At the conclusion of the 2015 Pig Day Out and while addressing a brief WAPPA General Meeting, also held on the same day and at the same venue, Technology Park, WAPPA President, Richard Evison, commended WA’s producers on how well they collaborated with researchers and research institutions.
Producer adoption rate of innovative technologies, especially those that directly improve bottom lines, reflects the quality of the research that, in many cases, the producers are co-funding and this sustains WA’s industry,” Mr Evison said.
WA’s pork industry employs an estimated 1700 full and part-time workers and an estimated $50 million has been invested in housing and production systems during the past five years to meet new guidelines for sow housing and production efficiency.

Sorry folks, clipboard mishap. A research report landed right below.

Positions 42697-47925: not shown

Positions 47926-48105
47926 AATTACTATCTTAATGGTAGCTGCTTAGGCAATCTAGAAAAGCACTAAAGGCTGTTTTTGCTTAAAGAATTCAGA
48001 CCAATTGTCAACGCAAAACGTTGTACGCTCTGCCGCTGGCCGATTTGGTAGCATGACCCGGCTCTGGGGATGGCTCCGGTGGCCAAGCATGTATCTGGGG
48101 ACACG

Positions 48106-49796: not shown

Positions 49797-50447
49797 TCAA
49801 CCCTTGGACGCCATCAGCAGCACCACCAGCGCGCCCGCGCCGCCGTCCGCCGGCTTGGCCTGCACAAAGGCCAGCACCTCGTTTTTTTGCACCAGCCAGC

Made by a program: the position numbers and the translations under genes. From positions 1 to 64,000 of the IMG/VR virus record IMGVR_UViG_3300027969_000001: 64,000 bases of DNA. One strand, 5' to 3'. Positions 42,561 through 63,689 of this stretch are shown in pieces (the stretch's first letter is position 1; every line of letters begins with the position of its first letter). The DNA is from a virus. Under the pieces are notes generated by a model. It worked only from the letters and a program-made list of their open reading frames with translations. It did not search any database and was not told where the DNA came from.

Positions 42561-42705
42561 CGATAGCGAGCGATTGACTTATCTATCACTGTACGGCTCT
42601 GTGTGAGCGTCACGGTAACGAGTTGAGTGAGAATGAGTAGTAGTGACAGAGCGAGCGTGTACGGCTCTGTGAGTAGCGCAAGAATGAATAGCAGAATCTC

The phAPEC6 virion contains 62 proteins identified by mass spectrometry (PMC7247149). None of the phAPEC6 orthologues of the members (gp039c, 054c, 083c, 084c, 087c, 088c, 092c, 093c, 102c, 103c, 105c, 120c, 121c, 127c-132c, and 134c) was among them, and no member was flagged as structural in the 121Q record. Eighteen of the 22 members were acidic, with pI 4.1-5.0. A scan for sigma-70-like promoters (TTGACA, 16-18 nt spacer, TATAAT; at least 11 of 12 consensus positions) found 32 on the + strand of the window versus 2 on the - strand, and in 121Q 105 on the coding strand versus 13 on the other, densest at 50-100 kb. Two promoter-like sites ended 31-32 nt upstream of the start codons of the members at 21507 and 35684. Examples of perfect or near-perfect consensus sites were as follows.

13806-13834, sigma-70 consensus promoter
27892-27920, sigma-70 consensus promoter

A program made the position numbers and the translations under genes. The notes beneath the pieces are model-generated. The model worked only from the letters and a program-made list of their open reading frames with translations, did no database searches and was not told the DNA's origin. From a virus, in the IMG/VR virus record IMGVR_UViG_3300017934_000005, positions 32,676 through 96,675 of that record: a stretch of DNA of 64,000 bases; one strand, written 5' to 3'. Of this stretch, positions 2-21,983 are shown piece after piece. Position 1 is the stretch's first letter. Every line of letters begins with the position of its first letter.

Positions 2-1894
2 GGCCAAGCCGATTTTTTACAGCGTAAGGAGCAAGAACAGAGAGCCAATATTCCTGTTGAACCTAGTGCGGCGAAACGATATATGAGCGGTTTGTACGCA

Jan Cooper, WAPPA’s new Executive Officer, encouraged members at the General Meeting to engage with her in shaping WAPPA’s direction.
WAPPA’s Executive Committee comprises Graeme Dent of Cuballing, Dawson Bradford (Vice President) of Popanyinning, Torben Soerensen (Treasurer) of GD Pork , Dean Romaniello of Craig Mostyn Group and Richard Evison (President) of Westpork.
Pork CRC’s Roger Campbell and WAPPA’s Richard Evison with Pork CRC supported researchers – Karen Moore, Megan Trezona and Jae Kim of DAFWA with Murdoch University’s Cam Jose
Putting Science Into Practice